When courts and law enforcement agencies harbour rape apologists’ intent on protecting abusers, why won’t women continue to stay silent? And the women who don’t stay quiet are advised to marry their rapist and told their consent has no value in a consensual relationship, they are tried for criminal defamation for speaking their truth, they are bullied and receive threats, they are called liars looking for their fifteen minutes of fame. Whether women stay quiet about sexual violence or not, whether they report violence immediately or not, there is no winning. Perpetrators enjoy impunity; institutionalised, systemic impunity.

Not long ago, in criticising the Centre’s handling of the farmer protests and refusing to issue an order to stop the protests, the CJI had asked, “Why are women and elders kept in the protest?” He also asked advocate H S Phoolka to ‘persuade’ women and elderly protestors to go home. The use of the word ‘kept’ speaks volumes about the CJI’s dated and regressive ideas about women and the willful refusal to see and acknowledge women’s autonomy.

Women, fully aware of the institutionalised biases against them, have long had little to no faith in the institutions of this country. But if the Supreme Court, the most powerful judicial institution of the country, becomes complicit in furthering this culture of violence and impunity, then this really is no country for women. The callousness and lack of nuanced understanding displayed by the CJI speaks to how our biases, sexism, and lack of acknowledgement of women’s autonomy are being increasingly institutionalised every day. We fail women in this country every day. Our governments, law enforcement agencies, our courts, and our citizenry, all of them fail women and we don’t seem to want to do better. The CJI making these remarks shouldn’t be just another story on the news cycle that will die down when something more ludicrous or outrageous happens, it should instead remind us of how men at the helm of powerful institutions continue to foster a culture of impunity at the cost of doing right by women.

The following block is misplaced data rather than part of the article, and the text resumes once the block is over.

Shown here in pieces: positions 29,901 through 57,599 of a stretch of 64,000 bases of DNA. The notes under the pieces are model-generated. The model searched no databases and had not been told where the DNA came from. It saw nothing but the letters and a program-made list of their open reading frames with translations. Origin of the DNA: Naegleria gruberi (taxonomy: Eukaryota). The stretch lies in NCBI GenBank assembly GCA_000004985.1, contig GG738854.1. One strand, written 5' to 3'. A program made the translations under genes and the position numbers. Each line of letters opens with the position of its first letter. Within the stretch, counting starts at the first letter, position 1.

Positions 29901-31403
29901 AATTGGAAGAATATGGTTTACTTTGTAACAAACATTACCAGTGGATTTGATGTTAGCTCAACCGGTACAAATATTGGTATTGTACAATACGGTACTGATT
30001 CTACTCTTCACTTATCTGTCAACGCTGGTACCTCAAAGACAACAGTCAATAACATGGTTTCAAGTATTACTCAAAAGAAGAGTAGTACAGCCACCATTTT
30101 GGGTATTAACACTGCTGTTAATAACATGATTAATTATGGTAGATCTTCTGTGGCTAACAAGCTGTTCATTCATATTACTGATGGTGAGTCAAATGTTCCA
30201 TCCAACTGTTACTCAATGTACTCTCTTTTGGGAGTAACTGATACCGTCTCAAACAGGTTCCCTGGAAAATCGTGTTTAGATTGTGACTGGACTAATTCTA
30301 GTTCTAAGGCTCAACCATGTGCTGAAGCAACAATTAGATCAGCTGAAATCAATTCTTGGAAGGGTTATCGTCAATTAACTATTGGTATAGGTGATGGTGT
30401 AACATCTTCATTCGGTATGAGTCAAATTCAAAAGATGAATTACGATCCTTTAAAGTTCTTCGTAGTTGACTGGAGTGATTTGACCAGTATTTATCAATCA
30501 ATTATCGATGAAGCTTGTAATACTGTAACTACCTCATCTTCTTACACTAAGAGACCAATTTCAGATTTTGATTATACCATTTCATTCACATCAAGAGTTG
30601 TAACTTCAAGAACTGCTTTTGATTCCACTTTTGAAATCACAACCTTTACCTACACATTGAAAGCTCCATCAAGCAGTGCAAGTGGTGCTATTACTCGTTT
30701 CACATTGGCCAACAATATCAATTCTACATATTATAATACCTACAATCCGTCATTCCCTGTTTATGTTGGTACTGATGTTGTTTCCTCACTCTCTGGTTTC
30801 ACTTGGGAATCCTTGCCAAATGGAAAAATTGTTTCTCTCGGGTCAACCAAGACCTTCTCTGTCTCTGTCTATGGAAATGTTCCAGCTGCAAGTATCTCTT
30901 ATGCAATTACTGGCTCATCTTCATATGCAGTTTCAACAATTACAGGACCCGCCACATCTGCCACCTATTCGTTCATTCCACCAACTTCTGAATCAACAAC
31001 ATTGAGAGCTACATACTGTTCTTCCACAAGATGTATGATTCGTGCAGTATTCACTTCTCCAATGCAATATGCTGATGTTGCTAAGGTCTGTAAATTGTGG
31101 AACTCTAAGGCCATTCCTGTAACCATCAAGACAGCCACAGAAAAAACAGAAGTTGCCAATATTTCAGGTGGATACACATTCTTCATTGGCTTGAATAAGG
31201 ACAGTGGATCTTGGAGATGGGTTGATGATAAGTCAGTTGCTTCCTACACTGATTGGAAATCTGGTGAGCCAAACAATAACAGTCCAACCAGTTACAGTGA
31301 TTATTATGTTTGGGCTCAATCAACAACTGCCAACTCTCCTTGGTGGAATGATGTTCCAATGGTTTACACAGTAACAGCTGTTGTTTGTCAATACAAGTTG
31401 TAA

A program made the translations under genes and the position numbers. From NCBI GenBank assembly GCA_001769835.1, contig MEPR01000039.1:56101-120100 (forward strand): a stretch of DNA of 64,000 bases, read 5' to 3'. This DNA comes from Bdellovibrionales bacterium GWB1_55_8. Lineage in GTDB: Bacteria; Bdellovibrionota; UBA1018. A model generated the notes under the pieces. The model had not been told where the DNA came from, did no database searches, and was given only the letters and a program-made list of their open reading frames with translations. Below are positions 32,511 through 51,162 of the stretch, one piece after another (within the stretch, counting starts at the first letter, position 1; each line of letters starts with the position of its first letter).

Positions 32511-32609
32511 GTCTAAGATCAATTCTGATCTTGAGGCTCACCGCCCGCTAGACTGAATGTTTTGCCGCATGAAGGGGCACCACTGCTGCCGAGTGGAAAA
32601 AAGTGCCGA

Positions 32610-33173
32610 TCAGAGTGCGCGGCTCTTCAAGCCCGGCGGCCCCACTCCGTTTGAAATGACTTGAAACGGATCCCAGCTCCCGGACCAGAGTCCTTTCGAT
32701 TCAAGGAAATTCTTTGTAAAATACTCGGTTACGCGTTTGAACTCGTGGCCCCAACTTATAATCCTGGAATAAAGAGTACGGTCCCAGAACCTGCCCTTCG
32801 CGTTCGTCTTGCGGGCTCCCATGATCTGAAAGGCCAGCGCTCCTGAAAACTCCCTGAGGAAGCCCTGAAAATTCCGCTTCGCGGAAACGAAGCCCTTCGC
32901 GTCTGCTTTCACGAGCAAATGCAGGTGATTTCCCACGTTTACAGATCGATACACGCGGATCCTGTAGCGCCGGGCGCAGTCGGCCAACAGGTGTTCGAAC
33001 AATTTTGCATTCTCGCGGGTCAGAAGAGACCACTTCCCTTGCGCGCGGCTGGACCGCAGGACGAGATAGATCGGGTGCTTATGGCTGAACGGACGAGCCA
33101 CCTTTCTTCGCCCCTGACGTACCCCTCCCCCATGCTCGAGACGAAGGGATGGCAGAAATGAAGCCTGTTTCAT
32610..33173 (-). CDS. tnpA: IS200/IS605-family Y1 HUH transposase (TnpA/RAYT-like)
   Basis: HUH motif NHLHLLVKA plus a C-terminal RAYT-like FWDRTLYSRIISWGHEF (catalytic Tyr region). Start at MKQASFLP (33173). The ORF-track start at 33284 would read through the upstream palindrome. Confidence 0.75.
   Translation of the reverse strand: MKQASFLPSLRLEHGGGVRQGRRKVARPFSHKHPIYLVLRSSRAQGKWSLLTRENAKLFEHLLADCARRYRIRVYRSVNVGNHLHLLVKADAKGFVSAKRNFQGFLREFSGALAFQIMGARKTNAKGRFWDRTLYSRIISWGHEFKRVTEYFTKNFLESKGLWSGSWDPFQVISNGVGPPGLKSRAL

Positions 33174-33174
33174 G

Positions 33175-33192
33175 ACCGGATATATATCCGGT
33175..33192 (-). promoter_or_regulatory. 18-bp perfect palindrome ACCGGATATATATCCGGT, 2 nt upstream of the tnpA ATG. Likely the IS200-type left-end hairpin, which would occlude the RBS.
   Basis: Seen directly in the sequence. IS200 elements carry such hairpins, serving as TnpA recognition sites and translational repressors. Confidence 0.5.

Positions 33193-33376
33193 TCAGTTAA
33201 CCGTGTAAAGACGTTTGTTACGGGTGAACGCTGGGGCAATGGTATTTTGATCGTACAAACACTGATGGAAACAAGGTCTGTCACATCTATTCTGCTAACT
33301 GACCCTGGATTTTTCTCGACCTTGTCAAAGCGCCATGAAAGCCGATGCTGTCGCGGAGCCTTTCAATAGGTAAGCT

The Supreme Court’s emblem reads: यतो धर्मस्ततो जयः॥ – Where there is righteousness, there is victory; but with the politics of privilege, gender, sexuality, religion, caste, and class in play, our justice system often has little justice to offer.


Featured image source: Feminism In India

About the author(s)

Akshita Prasad is a 21-year-old who intends to pursue a career in criminal law. She is currently pursuing an undergraduate degree in Social Sciences. She has been identifying as a feminist since the age of thirteen and has been writing about it since; she also writes about law, politics, pop culture, and the LGBTQIA+ community. If not writing or reading, she's scouring Netflix for a new TV show to watch or is on her millionth re-run.